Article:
This is an ambitious plan and one that will take decades to complete.  It is thought that to digitally record the 40 million fossils held at the Smithsonian alone will take an estimated 50 years to accomplish.  However, the reward will far outweigh any work load – no matter how large.

Could a digital image ever be better than the real thing though?  

The answer appears to be, yes!

This is perhaps best explained by Prof Emily Rayfield from the University here in Bristol.  She uses CT scans of dinosaur skulls and other bones to build computer models for research. In an interview with the BBC, she states; “We can actually use the digital data to test how these animals functioned”.  

It would be difficult to physically lift and manipulate the real, fragile and heavy skull of a diplodocus, for example.  However, the digital image allows Prof Rayfield and her colleagues to twist, turn, compress and stress her digital dinosaur bones.  She can investigate how the animals would have moved, what they ate and how they interacted with their environment.

The project is already bearing considerable fruit.  The study of digital marine fossils is already enabling researchers to understand how marine life has responded to sea levels and ocean temperatures.

In essence, the huge digitisation project will require each museum to capture high-quality images of each fossil and record all of the key information; age, species and where the specimen was discovered for example.  All this data would then be collated and made available online.

The collaborative possibilities of such a scheme are endless.  Scientists would be able to work together. The information they may once never have had access to could be the key to assembling the jigsaw of pre-historic life.

The considerable workload would not end once the project is complete.  In fact, quite the opposite. Considerable care would need to be taken to maintain and grow the database over the coming generations.  Prof Philip Donoghue, Rayfield’s colleague in Bristol is also using digital scans of ancient, fossilised microorganisms in his research.

In the same BBC report, he warns “We need to ensure …that a digital museum is properly and consistently recorded and curated so that the data is of the highest possible quality.”

His warning could not conceal his excitement at the potential of the project, however.  He went on to say that a digital database would transform the ability of scientists to study life on Earth.

Apple and Tesla…Are Apple really planning to buy the Car company??

2018 has seen a host of tech team-ups.  IBM secured Red Hat.  Oracle bought SD-WAN specialist vendor Talari Networks AND business intelligence experts, Datafox while Adobe acquired software maker Marketo back in September.  These are just some of the most recent highlights, and it appears that 2019 may have some equally exciting pairings to offer.

Investment bankers, Saxo Capital Markets made what is known as an outlier prediction this week.  In it they suggest that we may bear witness to possibly THE most Herculean of partnerships next year…that of Apple and Tesla.  Would it be too outrageous to suppose that Apple may make a bid for the electric car giants??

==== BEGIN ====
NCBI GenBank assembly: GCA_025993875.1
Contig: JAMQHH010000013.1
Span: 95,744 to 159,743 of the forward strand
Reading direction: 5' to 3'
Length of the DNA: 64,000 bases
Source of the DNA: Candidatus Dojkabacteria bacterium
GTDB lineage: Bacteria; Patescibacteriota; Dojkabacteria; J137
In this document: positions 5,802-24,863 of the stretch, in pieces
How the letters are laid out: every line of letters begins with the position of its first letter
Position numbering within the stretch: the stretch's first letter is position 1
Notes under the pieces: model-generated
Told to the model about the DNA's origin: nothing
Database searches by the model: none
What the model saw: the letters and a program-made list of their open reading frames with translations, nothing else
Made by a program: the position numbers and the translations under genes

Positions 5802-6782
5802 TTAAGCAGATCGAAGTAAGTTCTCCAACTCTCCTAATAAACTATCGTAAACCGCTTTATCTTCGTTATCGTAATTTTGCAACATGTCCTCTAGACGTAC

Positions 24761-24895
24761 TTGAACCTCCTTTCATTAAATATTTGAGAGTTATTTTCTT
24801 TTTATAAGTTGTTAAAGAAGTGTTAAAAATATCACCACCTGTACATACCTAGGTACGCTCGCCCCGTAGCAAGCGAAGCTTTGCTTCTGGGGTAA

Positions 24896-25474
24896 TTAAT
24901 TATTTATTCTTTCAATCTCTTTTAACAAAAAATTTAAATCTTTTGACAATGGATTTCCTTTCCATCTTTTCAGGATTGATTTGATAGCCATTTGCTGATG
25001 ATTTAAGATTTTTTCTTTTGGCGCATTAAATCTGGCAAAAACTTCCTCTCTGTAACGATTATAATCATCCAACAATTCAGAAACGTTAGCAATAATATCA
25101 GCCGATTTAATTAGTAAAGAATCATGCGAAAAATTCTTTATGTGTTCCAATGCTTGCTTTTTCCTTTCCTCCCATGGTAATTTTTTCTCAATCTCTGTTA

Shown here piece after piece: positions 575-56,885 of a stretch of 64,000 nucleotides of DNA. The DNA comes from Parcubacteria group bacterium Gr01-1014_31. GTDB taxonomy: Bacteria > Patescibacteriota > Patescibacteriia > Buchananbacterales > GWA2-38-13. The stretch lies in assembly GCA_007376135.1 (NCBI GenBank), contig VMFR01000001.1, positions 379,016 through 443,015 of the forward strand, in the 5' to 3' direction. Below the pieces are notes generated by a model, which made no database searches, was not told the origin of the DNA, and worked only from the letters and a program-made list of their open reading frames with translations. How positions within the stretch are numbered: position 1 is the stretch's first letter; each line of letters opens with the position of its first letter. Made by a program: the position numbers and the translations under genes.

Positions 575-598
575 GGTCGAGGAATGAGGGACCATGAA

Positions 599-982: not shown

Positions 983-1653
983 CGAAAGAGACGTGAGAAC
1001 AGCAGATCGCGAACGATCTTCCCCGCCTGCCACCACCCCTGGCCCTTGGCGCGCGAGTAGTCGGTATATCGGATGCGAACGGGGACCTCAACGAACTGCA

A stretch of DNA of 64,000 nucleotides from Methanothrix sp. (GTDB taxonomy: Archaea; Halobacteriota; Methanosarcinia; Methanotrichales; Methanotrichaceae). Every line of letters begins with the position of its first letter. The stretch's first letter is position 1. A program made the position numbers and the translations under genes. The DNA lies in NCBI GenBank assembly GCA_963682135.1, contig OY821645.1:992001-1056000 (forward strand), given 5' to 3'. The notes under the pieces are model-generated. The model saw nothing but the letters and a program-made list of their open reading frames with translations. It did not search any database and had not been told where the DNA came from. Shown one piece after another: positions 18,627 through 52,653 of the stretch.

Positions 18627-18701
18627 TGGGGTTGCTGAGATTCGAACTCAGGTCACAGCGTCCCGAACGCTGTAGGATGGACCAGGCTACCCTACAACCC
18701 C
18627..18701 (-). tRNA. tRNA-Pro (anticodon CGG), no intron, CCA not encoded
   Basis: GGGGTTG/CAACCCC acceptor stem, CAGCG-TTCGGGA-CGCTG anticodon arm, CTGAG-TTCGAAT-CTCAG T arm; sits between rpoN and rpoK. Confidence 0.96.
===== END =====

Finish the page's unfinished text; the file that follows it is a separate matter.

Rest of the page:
Saxo speculate that the offer would set Apple back around $86 billion.  A price tag that it could meet after just 12-months of cash flow. These types of figures are somewhat unfathomable to us here at Ignite HQ!  To put it into some sort of context though, Apple could fund the deal without a second thought! They would be able to restore its $237 billion cash hoard in a year.

As part of their prediction, the bankers project an offer of $520 a share.  This is $100 a share more than Elon Musk suggested had been secured to take Tesla private in his infamous tweet earlier this year.  At the time of writing this, the Tesla share price is at $355, a figure which is up 66% since the beginning of October.

An Apple/Tesla merger may be an outrageous prediction, but the odds of it occurring are not so outrageously low.  Indeed, analysts have suggested that the match may be one made in Silicon Valley heaven! Apple clearly have deep pockets.  It has also been suggested by some that they have given up any solo efforts into entering the auto market. Tesla, on the other hand, have lots of ideas and an insatiable quest for money!  

The two also have a common focus on both design and engineering in hardware. As such, an Apple-Tesla acquisition would provide Tesla with the funds it needs to build new gigafactories in Europe and China.   Saxo have stated that this would ultimately see them “dominate the future of the car industry.”

Who would you love to see partner up next year?  No suggestion is too outrageous! Leave your comments below!

About the author: I work hard to find the best opportunities for my candidates and the best talent for my clients. My honest and pragmatic approach helps me to build lasting relationships and deliver real value.  I have extensive experience helping organisations overcome their critical challenges in the digital environment, and have worked with everything from start-ups to major global brands.